NEW YORK, Nov. 29, 2016 /PRNewswire/ -- Girl Scouts of the USA (GSUSA), today on Giving Tuesday, is dispelling stereotypes about female leadership and demonstrating the importance of investing in girls who make a difference in the world. A newly unveiled Girl Scout PSA and anthem bring to life the unique Girl Scout programming that enables girls—from kindergarten through high school—to practice leadership. This new campaign effort is revealed alongside preliminary data that, for the first time, articulates what girls are doing on a daily basis to take the lead and make the world a better place. The Girl Scout program encourages girls to be leaders at every age, and a donation to Girl Scouts on Giving Tuesday goes further than the Girl Scout organization—it is an investment in girls who, in turn, invest their time, talents, and leadership in the present and future well-being of our world.
Experience the interactive Multimedia News Release here: http://www.multivu.com/players/English/7914751-girl-scouts-of-the-usa-giving-Tuesday
A Girl Scout Research Institute (GSRI) study shows that 81 percent of voters believe preparing girls for leadership roles should be a national priority. Nevertheless, fewer than eight cents of every dollar granted by U.S. foundations go toward addressing girls' needs and issues. The PSA and anthem are rallying cries for the importance of leadership development for girls of all ages, and the data is proof of the amazing work Girl Scouts are doing every day. As an organization, Girl Scouts believes leadership should not be narrowly defined. At Girl Scouts, girls are empowered to empower themselves, and encouraged to try new things, embrace failure as a learning opportunity, and take the lead in their communities.
Powerful Celebration of G.I.R.L.
Bringing to life Girl Scouts' new brand platform, the "I'm Prepared" PSA celebrates every girl's inner G.I.R.L. (Go-getter, Innovator, Risk-taker, Leader)™. Applauding girls who never give up, who try new things, and who make their ideas a reality, the PSA is a visual representation of how Girl Scouts prepares every G.I.R.L. to practice leadership like a Girl Scout––uniquely encouraging girls to cultivate grit, problem-solving, risk-taking, and leading with empathy. It is a call for girls to embrace their leadership potential and empower themselves through Girl Scouts and for consumers to invest in the future of girls for the betterment of our world.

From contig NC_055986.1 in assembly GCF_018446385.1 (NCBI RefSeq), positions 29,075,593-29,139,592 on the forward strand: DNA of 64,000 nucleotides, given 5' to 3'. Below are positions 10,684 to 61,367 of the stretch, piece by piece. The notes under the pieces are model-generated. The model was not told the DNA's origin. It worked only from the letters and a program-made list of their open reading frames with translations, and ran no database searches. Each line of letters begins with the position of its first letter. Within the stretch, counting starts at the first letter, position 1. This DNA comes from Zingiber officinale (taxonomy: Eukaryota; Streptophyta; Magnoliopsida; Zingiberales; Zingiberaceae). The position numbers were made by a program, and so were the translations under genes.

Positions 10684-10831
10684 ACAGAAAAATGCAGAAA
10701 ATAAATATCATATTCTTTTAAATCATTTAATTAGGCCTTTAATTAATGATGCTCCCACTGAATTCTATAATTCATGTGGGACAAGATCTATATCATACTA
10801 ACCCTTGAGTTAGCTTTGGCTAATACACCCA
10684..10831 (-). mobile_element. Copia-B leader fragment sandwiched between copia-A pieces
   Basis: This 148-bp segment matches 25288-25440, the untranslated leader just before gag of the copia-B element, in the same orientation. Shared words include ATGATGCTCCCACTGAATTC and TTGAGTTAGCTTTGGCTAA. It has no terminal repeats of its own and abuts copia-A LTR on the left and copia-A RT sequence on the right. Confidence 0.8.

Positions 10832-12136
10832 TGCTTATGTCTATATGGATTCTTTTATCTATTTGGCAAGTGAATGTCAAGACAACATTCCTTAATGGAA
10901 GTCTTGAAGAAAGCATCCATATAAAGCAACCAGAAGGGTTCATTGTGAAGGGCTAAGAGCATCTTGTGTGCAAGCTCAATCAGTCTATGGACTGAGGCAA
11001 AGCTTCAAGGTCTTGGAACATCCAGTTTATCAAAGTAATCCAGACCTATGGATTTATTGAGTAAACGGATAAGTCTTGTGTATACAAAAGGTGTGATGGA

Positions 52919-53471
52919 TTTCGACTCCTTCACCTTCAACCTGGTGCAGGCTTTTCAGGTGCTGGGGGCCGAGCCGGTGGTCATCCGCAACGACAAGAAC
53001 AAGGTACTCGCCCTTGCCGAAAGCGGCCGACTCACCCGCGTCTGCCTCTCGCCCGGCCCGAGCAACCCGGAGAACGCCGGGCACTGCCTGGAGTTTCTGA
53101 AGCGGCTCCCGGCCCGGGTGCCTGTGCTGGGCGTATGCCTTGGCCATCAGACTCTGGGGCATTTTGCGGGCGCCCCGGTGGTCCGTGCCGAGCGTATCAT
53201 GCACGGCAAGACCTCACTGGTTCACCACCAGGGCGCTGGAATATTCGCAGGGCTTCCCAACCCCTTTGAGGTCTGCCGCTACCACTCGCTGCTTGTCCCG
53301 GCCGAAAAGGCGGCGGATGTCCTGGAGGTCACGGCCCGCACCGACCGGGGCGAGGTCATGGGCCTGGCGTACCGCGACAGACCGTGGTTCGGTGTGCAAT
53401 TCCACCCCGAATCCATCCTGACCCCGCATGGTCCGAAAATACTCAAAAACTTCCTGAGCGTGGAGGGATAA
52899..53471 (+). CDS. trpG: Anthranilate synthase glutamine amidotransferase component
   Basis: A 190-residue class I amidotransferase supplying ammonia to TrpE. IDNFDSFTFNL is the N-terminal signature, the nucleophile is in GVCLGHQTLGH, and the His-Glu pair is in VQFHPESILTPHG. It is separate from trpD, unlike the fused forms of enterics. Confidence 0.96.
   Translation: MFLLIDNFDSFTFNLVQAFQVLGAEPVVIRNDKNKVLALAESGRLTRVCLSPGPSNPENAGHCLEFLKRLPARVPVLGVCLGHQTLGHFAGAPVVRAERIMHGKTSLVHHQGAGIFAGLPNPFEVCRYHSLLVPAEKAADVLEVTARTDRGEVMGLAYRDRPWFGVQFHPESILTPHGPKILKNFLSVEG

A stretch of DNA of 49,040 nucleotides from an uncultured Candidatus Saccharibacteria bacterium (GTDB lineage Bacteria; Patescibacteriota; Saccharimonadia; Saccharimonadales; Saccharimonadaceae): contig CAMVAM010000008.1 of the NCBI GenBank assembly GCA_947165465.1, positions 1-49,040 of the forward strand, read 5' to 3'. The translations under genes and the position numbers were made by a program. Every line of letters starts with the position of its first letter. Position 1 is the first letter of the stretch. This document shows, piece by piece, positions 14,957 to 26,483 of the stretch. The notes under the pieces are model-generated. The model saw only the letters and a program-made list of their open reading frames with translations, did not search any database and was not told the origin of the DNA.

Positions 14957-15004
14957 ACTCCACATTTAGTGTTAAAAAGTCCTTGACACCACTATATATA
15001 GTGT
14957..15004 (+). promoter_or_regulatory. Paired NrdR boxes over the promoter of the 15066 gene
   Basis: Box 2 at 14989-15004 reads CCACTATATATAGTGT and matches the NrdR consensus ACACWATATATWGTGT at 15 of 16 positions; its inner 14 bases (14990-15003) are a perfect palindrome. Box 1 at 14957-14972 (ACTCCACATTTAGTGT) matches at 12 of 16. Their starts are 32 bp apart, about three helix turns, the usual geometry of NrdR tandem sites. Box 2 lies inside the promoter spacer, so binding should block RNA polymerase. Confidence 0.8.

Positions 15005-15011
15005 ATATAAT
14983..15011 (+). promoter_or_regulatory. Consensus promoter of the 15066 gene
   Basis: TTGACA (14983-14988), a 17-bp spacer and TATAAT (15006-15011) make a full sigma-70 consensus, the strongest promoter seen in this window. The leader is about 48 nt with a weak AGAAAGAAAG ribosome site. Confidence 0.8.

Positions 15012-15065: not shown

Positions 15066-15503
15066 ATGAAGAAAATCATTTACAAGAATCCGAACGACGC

The PSA is set to Girl Scouts' new powerful pop anthem, "Watch Me Shine," co-written by songwriters Liz Rose and Emily Shackelton, and performed by Shackelton with Girl Scouts singing backup vocals. The song exemplifies how Girl Scouts empowers girls to find the strength and confidence they need to take the lead every day and to create impactful change in themselves and in their communities. Both songwriters, as Girl Scout alumnae, are go-getters and risk-takers themselves: Rose is a two-time Grammy Award winner who has collaborated with well-known female artists like Taylor Swift, Miranda Lambert, and Jewel; Shackelton's songs have been featured on TV shows like American Idol and Nashville. "Watch Me Shine" will be available to stream or download on iTunes, Amazon Music and Google Play.
Data with Impact
GSUSA is releasing new data gathered over the past 45 days from Girl Scouts ages five to 18 in 43 states that gives new insight into how girls are taking the lead to build a better world. The preliminary data reveals the social impact Girl Scouts have on their communities and the world as measured through key objectives of the United Nations' Global Sustainable Development Goals for education, poverty, gender equality, and more.
- In total, girls dedicated the most hours to projects within education, reflecting Girl Scouts' desire to empower others and create sustainable progress in society. Education was followed by, respectively, health, poverty reduction, gender equality and empowering women and girls, food security and hunger elimination, environment, and life on land and life below water.
- Girl Scouts dedicated the most volunteer hours, on average, to projects about life on land and life below water. This was followed closely by projects focused on gender equality and empowerment of women and girls—with an impressive average of 170 hours dedicated to projects in this category. Girl Scouts are at the frontlines of advocating for gender equality, establishing their important role in achieving that goal in our lifetime.